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dc.contributor.authorZhang, Wei
dc.contributor.authorCheng, Wan
dc.contributor.authorGao, Wei
dc.contributor.authorQamar, Adnan
dc.contributor.authorSamtaney, Ravi
dc.date.accessioned2015-05-03T13:40:24Z
dc.date.available2015-05-03T13:40:24Z
dc.date.issued2015-04-26
dc.identifier.citationGeometrical effects on the airfoil flow separation and transition 2015 Computers & Fluids
dc.identifier.issn00457930
dc.identifier.doi10.1016/j.compfluid.2015.04.014
dc.identifier.urihttp://hdl.handle.net/10754/552122
dc.description.abstractWe present results from direct numerical simulations (DNS) of incompressible flow over two airfoils, NACA-4412 and NACA-0012-64, to investigate the effects of the airfoil geometry on the flow separation and transition patterns at Re=104 and 10 degrees incidence. The two chosen airfoils are geometrically similar except for maximum camber (respectively 4%C and 0 with C the chord length), which results in a larger projection area with respect to the incoming flow for the NACA-4412 airfoil, and a larger leeward surface curvature at the leading edge for the NACA-0012-64 airfoil. The governing equations are discretized using an energy conservative fourth-order spatial discretization scheme. An assessment on the two-point correlation indicates that a spanwise domain size of 0.8C is sufficiently large for the present simulations. We discuss flow separation at the airfoil leading edge, transition of the separated shear layer to three-dimensional flow and subsequently to turbulence. Numerical results reveal a stronger adverse pressure gradient field in the leading edge region of the NACA-0012-64 airfoil due to the rapidly varying surface curvature. As a result, the flow experiences detachment at x/C=0.08, and the separated shear layer transition via Kelvin-Helmholtz mechanism occurs at x/C=0.29 with fully developed turbulent flow around x/C=0.80. These flow development phases are delayed to occur at much downstream positions, respectively, observed around x/C=0.25, 0.71 and 1.15 for the NACA-4412 airfoil. The turbulent intensity, measured by the turbulent fluctuations and turbulent Reynolds stresses, are much larger for NACA-0012-64 from the transition onset until the airfoil trailing edge, while turbulence develops significantly downstream of the trailing edge for the NACA-4412 airfoil. For both airfoils, our DNS results indicate that the mean Reynolds stress u'u'/U02 reaches its maximum value at a distance from the surface approximately equal to the displacement thickness, consistent with the experimental observations (Boutilier & Yarusevych, Phys. Fluids, 2012). A quantitative eigen-system analysis on the instantaneous velocity field shows that although the flow over an airfoil is intrinsically anisotropic, the alignments between the vorticity vector and the eigenvectors ofSij and SikSkj+ΩikΩkj are quite similar to those of the homogeneous isotropic turbulent flows due to the formation of vortex tubes. © 2015 Elsevier Ltd.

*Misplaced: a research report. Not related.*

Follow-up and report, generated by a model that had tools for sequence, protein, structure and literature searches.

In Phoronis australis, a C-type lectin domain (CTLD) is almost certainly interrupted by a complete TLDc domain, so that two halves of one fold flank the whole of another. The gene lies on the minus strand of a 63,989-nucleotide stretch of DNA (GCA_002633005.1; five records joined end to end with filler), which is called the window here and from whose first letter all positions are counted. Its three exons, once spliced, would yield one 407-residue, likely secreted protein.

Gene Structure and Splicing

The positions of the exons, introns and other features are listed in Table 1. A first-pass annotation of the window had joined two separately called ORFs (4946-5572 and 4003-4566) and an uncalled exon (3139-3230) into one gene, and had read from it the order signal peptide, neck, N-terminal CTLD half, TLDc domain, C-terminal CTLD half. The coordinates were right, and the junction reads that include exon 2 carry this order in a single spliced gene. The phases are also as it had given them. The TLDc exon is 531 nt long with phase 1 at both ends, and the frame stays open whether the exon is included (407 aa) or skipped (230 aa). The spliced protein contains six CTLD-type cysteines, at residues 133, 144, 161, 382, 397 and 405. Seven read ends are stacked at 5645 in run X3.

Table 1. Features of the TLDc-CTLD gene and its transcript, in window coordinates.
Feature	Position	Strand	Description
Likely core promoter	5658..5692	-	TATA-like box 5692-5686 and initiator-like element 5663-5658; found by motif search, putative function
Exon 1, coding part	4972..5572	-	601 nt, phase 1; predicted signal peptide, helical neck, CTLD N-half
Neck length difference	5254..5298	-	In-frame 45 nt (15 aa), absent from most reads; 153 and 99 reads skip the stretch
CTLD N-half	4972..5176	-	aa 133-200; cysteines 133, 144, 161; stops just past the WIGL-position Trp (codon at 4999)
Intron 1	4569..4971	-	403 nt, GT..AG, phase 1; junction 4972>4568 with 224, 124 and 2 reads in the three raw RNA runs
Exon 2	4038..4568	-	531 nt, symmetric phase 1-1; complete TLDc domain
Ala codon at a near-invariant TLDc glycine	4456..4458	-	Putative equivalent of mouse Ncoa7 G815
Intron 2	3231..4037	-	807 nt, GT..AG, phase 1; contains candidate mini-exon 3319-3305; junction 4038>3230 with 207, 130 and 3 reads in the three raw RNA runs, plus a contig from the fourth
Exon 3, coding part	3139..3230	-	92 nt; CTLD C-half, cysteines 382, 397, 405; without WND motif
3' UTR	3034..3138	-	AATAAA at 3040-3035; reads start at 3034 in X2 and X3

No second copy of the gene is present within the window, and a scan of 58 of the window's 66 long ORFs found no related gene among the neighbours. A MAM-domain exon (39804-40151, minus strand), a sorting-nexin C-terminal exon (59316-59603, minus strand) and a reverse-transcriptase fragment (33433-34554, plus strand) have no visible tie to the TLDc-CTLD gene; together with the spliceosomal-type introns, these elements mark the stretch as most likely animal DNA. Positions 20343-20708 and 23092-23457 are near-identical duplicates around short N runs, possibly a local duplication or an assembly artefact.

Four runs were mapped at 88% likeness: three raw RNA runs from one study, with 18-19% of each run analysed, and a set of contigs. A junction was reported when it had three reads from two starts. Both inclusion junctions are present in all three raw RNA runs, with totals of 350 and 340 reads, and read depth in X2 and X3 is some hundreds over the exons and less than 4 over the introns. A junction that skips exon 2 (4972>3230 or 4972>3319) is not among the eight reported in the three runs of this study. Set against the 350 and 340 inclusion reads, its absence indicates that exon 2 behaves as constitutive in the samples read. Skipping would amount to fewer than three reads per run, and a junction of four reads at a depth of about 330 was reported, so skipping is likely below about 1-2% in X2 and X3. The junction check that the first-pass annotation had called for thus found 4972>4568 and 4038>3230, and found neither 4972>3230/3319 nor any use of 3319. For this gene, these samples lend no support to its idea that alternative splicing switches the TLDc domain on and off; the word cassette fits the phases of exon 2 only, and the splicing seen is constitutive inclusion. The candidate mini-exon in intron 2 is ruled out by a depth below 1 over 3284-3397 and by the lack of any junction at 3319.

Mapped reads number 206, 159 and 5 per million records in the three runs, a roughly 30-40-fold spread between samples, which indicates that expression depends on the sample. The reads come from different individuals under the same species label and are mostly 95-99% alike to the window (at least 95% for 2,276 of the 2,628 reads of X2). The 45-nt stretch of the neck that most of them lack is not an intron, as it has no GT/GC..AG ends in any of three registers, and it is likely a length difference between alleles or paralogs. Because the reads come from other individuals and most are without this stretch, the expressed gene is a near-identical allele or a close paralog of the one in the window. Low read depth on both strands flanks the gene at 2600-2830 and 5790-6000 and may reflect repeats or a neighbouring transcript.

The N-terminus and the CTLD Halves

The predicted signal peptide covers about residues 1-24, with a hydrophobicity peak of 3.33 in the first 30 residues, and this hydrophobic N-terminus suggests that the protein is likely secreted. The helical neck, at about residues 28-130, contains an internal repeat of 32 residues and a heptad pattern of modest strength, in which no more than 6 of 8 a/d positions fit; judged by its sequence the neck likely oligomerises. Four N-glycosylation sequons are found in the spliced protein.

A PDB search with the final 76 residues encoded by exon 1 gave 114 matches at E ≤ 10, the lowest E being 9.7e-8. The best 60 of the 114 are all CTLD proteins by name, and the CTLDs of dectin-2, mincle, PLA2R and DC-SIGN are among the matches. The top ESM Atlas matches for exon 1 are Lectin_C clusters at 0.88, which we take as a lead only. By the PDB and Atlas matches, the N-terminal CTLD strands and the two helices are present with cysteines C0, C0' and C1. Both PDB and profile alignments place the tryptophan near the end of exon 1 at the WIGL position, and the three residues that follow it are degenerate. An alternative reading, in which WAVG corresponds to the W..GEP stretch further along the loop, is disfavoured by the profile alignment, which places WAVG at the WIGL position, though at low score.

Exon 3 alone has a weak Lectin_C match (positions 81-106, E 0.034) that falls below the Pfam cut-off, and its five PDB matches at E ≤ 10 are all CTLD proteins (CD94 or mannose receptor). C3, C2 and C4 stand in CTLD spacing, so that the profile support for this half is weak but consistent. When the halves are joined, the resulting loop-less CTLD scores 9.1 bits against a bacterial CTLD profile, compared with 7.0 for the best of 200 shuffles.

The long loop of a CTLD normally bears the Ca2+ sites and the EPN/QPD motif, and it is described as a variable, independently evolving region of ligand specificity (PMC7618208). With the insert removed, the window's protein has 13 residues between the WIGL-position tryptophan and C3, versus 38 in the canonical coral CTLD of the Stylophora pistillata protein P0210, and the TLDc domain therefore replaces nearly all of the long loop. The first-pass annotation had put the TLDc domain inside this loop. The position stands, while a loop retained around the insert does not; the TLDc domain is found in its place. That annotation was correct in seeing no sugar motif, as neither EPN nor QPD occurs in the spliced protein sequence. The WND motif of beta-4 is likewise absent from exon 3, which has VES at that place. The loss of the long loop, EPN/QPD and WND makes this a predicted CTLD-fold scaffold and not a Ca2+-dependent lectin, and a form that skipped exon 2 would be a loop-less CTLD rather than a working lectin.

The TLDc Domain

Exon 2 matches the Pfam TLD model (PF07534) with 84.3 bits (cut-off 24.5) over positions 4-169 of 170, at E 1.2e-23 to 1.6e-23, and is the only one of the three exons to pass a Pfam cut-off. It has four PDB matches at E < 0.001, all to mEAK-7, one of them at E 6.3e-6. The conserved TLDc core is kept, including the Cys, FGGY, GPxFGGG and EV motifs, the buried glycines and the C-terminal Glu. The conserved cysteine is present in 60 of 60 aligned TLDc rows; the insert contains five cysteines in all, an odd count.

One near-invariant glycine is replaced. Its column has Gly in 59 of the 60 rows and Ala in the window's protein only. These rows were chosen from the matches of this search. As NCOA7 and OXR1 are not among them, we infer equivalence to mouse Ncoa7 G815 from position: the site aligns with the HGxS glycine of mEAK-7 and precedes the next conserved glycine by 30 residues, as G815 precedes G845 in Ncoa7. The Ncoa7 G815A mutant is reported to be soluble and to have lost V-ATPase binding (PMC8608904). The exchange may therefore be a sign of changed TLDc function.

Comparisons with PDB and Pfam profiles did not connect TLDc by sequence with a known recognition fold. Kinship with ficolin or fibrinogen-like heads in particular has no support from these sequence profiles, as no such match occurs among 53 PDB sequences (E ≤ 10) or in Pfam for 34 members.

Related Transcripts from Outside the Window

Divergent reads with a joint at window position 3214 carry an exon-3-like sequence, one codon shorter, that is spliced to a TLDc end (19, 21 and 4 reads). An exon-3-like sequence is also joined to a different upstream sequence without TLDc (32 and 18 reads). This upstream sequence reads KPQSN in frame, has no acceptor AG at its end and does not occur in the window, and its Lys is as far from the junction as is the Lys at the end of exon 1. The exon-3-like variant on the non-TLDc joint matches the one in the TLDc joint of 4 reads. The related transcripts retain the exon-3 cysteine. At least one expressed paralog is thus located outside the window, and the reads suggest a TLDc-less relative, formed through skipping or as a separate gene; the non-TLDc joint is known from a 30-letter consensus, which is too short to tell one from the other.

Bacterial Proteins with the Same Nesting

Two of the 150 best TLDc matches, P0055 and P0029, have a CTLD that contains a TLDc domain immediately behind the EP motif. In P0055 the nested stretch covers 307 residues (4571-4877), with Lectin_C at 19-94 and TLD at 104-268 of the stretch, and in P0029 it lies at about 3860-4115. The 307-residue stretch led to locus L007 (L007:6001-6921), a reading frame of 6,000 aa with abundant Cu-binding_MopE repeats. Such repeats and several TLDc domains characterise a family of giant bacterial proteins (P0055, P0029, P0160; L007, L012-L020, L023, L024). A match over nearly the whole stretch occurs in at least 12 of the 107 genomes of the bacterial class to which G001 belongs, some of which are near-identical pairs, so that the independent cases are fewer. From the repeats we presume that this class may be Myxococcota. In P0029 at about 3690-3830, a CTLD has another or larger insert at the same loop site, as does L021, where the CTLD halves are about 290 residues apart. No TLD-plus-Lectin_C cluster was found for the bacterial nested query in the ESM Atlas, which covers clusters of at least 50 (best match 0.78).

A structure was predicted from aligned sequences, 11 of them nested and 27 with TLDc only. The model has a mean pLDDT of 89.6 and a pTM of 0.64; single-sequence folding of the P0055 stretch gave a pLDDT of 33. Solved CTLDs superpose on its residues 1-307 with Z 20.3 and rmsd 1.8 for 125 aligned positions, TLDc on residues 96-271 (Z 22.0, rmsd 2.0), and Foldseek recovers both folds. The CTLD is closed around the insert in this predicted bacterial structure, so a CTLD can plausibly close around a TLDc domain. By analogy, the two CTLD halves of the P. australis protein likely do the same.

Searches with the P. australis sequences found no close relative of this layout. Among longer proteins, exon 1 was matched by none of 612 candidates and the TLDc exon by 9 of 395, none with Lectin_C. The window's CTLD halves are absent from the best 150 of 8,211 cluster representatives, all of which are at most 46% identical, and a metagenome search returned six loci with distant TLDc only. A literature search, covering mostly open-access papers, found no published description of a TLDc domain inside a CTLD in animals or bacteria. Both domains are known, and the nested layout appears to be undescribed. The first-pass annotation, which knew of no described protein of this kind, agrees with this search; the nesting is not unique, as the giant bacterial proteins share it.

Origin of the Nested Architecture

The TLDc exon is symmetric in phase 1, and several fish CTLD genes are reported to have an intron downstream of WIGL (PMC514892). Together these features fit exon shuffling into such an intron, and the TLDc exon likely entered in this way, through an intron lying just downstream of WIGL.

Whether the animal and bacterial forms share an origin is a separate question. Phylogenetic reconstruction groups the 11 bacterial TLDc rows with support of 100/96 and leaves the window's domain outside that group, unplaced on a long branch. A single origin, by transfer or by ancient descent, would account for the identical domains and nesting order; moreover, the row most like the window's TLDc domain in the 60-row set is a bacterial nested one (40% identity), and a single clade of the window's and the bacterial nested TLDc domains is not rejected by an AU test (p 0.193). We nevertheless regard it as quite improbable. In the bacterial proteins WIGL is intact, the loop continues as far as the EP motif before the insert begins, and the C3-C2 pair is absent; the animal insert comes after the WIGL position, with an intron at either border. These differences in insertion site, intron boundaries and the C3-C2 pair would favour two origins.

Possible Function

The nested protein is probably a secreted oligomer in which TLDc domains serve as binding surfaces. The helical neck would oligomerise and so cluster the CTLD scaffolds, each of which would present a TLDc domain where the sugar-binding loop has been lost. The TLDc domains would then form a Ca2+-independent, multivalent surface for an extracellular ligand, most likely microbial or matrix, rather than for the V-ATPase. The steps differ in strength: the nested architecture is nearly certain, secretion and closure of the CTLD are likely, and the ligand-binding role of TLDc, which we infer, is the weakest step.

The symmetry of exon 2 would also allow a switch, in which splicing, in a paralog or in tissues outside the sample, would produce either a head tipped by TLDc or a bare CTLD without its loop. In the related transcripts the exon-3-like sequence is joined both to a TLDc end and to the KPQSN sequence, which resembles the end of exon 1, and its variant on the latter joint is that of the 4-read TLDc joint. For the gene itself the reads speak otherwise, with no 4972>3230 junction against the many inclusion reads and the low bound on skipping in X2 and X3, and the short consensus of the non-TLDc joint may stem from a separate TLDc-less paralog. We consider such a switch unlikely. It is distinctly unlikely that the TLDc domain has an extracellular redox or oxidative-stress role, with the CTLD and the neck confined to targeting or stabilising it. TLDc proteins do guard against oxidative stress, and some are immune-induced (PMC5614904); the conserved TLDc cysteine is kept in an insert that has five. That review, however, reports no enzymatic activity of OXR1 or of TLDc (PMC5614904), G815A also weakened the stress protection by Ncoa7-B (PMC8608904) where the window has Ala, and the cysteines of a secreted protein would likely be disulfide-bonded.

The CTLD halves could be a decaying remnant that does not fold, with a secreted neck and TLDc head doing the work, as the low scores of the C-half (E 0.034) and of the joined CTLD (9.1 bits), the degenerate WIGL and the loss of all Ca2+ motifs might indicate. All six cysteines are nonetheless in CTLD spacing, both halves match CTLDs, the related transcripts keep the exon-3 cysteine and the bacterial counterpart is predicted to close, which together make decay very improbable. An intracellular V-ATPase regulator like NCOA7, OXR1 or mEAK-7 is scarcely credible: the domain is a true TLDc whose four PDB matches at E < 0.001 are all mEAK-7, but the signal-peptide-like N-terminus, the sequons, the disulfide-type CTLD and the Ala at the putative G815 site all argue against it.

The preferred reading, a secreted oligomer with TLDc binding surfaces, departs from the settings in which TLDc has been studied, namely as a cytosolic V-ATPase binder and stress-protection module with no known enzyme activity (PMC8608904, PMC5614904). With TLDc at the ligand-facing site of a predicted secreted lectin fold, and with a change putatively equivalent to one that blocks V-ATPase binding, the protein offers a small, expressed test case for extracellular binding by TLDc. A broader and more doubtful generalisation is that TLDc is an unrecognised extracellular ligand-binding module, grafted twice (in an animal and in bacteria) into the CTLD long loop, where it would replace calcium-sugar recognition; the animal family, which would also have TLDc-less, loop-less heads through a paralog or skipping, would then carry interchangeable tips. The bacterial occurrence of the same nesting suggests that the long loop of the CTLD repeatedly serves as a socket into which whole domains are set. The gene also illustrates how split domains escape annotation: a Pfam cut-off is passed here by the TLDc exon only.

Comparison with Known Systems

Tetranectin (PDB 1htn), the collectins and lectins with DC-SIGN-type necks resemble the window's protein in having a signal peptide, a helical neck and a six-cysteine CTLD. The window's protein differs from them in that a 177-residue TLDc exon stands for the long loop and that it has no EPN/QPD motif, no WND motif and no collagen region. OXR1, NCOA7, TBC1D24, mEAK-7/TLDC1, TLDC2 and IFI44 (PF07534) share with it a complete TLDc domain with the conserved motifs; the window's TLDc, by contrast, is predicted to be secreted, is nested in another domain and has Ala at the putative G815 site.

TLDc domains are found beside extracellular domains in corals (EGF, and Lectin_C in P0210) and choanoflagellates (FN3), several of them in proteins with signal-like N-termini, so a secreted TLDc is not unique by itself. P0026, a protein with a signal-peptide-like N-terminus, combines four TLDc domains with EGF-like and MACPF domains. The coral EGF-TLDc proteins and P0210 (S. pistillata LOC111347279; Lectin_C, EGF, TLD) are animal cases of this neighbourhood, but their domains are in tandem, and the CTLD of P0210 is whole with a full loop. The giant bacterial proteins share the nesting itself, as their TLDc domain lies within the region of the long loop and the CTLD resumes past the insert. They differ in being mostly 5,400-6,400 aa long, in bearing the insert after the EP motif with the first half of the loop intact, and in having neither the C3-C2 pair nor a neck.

dc.publisherElsevier BV
dc.relation.urlhttp://linkinghub.elsevier.com/retrieve/pii/S0045793015001292
dc.rightsNOTICE: this is the author’s version of a work that was accepted for publication in Computers & Fluids. Changes resulting from the publishing process, such as peer review, editing, corrections, structural formatting, and other quality control mechanisms may not be reflected in this document. Changes may have been made to this work since it was submitted for publication. A definitive version was subsequently published in Computers & Fluids, 25 April 2015. DOI: 10.1016/j.compfluid.2015.04.014
dc.subjectDirect numerical simulation
dc.subjectAirfoil
dc.subjectCurvature
dc.subjectSeparation
dc.subjectTransition
dc.titleGeometrical effects on the airfoil flow separation and transition
dc.typeArticle
dc.contributor.departmentFluid and Plasma Simulation Group (FPS)
dc.contributor.departmentMechanical Engineering Program
dc.contributor.departmentPhysical Science and Engineering (PSE) Division
dc.identifier.journalComputers & Fluids
dc.eprint.versionPost-print
kaust.personZhang, Wei
kaust.personCheng, Wan
kaust.personQamar, Adnan
kaust.personSamtaney, Ravi
kaust.personGao, Wei
refterms.dateFOA2017-04-25T00:00:00Z
dc.date.published-online2015-04-26
dc.date.published-print2015-08


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